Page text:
FSU joins ‘Hour of Code’ global movement
The Hour of Code, a global movement reaching tens of millions of students in more than 180 countries, is making its way to Florida State University.
While multiple dialects and cultures have participated in the worldwide phenomenon, each Hour of Code event is characterized by one common language — computer code.
The event, sponsored by code.org, FSU-Teach and Florida State University’s Department of Computer Science, strives to inspire students from all academic backgrounds to embrace the world of computer science.
The Hour of Code will take place from 11 a.m. to 1 p.m. Monday, Dec. 5, at the Moore Auditorium Courtyard outside Oglesby Union.
Hour of Code’s motto is “anybody can learn,” and it holds true throughout the event as students engage in an easy coding game.
The interactive coding game tasked with turning English majors into computer engineers is Minecraft. During the game, students are assigned to code the animals to make different movements. For example, students can make a chicken lay an egg or screech cock-a-doodle-doo through writing code.
Logan Chalfant of FSU-Teach is coordinating the Hour of Code with David Whalley, an FSU computer science professor. Both believe the Hour of Code’s ability to expose students to the not-so-difficult world of coding and computer science will encourage more students to major in computer science.
“We’ve had a lot of growth in the number of computer science majors,” Whalley said. “All of our students have no trouble getting jobs. Hopefully, this event will get students even more interested in our program.”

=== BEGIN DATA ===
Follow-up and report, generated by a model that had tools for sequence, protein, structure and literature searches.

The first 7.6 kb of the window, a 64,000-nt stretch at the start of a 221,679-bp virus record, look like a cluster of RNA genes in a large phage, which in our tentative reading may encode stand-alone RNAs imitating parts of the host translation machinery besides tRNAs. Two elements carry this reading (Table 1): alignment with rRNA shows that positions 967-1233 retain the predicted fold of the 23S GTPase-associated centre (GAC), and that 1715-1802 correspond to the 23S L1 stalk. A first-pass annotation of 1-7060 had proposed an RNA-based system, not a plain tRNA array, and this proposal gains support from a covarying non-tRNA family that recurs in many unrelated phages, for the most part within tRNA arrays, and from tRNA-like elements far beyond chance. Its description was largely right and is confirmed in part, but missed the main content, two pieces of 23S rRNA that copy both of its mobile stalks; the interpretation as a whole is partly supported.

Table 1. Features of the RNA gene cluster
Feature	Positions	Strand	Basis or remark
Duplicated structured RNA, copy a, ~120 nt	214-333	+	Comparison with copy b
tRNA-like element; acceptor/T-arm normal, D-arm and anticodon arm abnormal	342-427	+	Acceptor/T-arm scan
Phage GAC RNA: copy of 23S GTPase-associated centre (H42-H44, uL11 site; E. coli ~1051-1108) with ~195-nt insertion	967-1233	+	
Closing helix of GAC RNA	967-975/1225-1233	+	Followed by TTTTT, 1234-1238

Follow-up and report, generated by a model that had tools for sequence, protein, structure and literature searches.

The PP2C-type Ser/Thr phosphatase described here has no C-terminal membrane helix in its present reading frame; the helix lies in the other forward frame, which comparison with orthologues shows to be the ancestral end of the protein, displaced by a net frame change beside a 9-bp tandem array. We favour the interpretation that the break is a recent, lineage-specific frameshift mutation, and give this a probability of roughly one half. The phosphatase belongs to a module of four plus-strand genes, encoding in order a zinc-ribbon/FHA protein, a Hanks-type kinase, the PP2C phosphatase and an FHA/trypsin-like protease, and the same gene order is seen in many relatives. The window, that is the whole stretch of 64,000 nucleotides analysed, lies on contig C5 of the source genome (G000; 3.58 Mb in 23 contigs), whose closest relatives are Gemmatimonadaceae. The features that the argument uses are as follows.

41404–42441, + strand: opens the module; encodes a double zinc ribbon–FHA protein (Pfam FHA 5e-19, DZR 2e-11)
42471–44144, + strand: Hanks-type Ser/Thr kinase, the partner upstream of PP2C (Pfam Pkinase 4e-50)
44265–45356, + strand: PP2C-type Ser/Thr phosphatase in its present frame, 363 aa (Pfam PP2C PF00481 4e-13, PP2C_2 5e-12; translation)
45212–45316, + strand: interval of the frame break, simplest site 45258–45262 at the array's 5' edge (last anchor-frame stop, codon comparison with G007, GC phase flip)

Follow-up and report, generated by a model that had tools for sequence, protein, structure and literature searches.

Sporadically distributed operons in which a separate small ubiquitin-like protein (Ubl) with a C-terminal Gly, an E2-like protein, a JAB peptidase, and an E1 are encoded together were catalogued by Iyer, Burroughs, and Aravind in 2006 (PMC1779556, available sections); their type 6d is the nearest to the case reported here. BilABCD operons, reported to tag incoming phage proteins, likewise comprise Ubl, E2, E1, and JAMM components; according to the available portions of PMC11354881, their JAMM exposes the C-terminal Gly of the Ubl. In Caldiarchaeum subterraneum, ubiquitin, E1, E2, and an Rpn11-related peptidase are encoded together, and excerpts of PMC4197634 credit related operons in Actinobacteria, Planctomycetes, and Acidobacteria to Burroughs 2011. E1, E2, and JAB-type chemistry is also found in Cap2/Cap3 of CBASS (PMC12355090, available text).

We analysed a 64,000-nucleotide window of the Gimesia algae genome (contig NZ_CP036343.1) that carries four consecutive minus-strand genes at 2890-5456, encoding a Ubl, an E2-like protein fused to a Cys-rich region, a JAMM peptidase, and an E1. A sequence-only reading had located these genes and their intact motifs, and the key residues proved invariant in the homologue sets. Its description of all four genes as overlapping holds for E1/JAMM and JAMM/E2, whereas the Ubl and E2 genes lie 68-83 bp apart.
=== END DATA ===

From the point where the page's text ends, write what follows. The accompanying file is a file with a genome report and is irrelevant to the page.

The coding game can be tackled from students’ laptops, smartphones or tablets. Chalfant stresses that with this easy accessibility and the simplicity of the game, students will learn computer coding is not as menacing as it’s made out to be.
“We’re hoping Hour of Code will bring awareness to the field,” Chalfant said. “Coding is not as hard as we really think it is.”
Chalfant also made clear the importance of Hour of Code’s partnership with FSU-Teach, a Florida State University program that encourages students to major in STEM disciplines and to teach future middle and high school students about math and science.
“FSU-Teach students are in a unique position,” Chalfant said. “They’re the future workforce at middle school and high schools, and they’re the ones who would inspire future generations to pursue computer science.”
Even high school students will get the chance to work at the Hour of Code — as teachers. Local high school robotics club students will work as ambassadors at the event to teach college students how to play the Minecraft coding game.
“The hope is to encourage the high school students by honoring them with this position,” Chalfant said.
Other sponsors of the event include the Godby Robotics Club and SAIL High School Robotics Club.